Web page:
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This is ALL THINGS CONSIDERED from NPR News. I'm Melissa Block.

The first contest of the presidential nominating season takes place exactly three weeks from tonight, the Iowa caucuses. That means there's precious little time remaining for candidates to make their case in Iowa. But the state has been feeling a bit lonely this campaign season. Today, only Rick Santorum, an underdog, was visiting the state. And overall this year, candidates have spent less time in Iowa than in past presidential campaigns. NPR's national political correspondent Don Gonyea explores why.

DON GONYEA, BYLINE: There are places across Iowa where you just know candidates are going to pass through to shake hands and to make an impression. Like Baby Boomers restaurant near the state capitol in Des Moines. Owner Rodney Maxfield says the candidates are still dropping in, but...

RODNEY MAXFIELD: It's definitely been a lot slower. I'm assuming that it's going to get bigger, but it's definitely slower.

GONYEA: Yesterday and today, three weeks away, there's one candidate in the state, Rick Santorum. Does that surprise you?

MAXFIELD: Yes. I think they all should be here.

GONYEA: Seated at the counter finishing his coffee is 30-year-old Josh Seddon. He says he'll participate in the caucuses, but described his level of involvement this way.

JOSH SEDDON: Not hot and heavy yet. I haven't really gotten into it yet. And it may have something to do with candidates usually are in and out of the city quite a bit more.

GONYEA: But he quickly adds there's still plenty of time to get up to speed on who's who. Also here is 70-year-old Darrell Kearney, a local Republican Party official, who's proud to say that he was a youth coordinator for Barry Goldwater back in 1964.

DARRELL KEARNEY: I've met every presidential candidate since Ronald Reagan in 1980.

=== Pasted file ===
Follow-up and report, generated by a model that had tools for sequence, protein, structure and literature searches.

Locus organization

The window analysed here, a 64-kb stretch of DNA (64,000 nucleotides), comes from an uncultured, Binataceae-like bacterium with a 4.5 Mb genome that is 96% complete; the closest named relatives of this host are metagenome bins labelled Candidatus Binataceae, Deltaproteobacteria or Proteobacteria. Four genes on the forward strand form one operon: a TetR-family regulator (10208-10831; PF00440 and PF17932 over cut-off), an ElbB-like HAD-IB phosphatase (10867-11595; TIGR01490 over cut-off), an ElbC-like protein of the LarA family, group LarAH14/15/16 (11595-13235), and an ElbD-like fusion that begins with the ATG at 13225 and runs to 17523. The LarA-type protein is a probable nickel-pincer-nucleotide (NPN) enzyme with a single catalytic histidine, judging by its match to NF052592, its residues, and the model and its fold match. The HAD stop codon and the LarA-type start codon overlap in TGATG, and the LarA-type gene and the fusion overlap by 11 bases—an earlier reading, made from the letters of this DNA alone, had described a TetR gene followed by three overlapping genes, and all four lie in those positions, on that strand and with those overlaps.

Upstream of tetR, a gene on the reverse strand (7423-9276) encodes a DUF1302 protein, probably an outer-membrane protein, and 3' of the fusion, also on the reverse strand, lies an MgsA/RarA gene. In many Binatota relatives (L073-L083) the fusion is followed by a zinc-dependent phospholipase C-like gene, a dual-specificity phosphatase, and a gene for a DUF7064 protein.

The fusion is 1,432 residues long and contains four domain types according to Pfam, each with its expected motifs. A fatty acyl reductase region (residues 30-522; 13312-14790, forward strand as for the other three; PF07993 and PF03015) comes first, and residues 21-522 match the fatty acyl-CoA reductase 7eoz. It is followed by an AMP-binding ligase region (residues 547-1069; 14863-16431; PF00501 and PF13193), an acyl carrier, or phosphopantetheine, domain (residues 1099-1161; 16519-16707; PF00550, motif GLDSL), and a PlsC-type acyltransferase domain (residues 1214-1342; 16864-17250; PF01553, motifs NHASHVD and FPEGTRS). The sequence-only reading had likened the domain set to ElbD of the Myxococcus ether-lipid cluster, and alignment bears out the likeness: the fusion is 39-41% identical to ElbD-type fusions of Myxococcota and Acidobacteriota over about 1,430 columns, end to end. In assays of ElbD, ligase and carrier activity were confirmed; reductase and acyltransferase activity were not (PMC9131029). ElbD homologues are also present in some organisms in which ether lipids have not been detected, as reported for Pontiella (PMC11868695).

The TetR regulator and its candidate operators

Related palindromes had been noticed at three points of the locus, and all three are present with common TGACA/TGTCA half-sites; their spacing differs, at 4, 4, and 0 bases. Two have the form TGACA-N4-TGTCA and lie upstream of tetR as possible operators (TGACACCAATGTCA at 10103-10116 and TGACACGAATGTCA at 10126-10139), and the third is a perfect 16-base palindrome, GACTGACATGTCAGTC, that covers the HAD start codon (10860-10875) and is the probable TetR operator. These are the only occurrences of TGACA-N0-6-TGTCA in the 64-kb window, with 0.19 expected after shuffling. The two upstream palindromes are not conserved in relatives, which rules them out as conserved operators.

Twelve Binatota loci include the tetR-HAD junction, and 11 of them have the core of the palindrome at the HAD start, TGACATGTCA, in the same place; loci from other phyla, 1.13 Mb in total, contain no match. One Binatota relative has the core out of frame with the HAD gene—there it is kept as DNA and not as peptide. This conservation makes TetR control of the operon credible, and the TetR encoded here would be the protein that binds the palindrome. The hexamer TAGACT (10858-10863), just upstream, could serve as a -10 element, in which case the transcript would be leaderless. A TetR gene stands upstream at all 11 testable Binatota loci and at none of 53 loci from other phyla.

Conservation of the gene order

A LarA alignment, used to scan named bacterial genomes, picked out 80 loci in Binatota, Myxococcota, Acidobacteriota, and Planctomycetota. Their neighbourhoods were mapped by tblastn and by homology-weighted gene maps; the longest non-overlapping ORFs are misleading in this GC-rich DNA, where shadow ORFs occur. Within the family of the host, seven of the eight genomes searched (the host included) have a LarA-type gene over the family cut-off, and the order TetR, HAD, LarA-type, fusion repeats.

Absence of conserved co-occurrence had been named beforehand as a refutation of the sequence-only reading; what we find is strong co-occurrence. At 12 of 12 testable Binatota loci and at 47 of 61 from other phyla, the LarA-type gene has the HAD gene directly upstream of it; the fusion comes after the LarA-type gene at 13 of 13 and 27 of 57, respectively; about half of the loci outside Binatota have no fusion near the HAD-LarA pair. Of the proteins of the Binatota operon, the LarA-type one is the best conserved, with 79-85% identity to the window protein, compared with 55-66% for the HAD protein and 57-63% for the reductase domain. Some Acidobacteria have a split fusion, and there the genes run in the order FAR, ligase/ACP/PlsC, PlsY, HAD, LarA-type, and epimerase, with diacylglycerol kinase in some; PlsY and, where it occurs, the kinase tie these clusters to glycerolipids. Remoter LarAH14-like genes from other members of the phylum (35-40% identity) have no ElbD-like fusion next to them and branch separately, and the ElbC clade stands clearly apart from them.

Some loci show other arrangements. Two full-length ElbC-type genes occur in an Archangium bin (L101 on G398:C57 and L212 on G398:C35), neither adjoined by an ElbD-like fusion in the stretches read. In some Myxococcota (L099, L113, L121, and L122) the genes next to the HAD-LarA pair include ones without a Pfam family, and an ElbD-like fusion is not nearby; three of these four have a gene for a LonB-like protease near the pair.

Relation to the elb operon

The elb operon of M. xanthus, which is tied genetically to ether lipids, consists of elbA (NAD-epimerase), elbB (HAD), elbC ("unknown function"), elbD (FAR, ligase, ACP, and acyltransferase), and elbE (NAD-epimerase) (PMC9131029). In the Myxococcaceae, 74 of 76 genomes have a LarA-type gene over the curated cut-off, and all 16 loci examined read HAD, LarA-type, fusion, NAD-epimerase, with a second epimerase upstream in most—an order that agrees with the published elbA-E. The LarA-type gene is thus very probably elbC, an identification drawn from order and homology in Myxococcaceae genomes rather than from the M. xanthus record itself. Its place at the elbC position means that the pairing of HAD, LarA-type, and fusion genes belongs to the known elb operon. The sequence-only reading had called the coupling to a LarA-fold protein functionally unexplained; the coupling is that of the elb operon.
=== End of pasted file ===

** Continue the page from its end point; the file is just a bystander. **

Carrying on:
GONYEA: Two of this election's leading candidates are those least likely to be found in Iowa this year: former U.S. Speaker of the House Newt Gingrich and former Massachusetts Governor Mitt Romney. Here's Kearney's take on that.

KEARNEY: Romney was here a lot in '07 and '08. Gingrich has been here a lot over the years. I mean, I first met Gingrich in '88 when he was campaigning for Jack Kemp. A lot of people know him and know Romney.

GONYEA: There's another reason for fewer Iowa appearances, says Republican strategist John Stineman, candidates need to raise money. The Gingrich campaign, for example, has huge debts to pay off even as it spends more.

JOHN STINEMAN: There's only so much money you raise in Iowa. And to be honest, there's not very much. So you have to go somewhere to make sure that you're going to get the coffers full enough to buy the ads and fill the mailbox the way you need to for your campaign.

GONYEA: At Drake University, political scientist Dennis Goldford says all those televised debates have also had an effect.

DENNIS GOLDFORD: They've given all sorts of candidates the visibility and press coverage that they normally would get by being in Iowa with feet on the ground participating in the caucuses. We don't know yet whether this is the beginning of a long-term change in the significance of the Iowa caucuses.

GONYEA: At a restaurant near campus, voter Paul Levenworth, an independent who has registered Republican so he can go to the caucuses, says he recognizes that candidates have to spend time in New Hampshire and South Carolina.

PAUL LEVENWORTH: It's a national campaign, so they're involved someplace. And they certainly have a presence in Iowa whether it is television, whether it's multiple phone calls we get at dinner time every night from various candidates or polling people.

GONYEA: Still, voter Desda Saunders says she hopes all of this isn't a sign that the Iowa caucuses are losing their clout.

DESDA SAUNDERS: I think it's kind of sad because Iowans enjoy that and likes to be a big player in the whole process of nominations of candidates.

GONYEA: The candidates will be stepping things up in person in Iowa later this week. There's a debate in Sioux City on Thursday night. And even if it comes late, the days between Christmas and January 3rd are still likely to feel just like caucuses past. Don Gonyea, NPR News, Des Moines.

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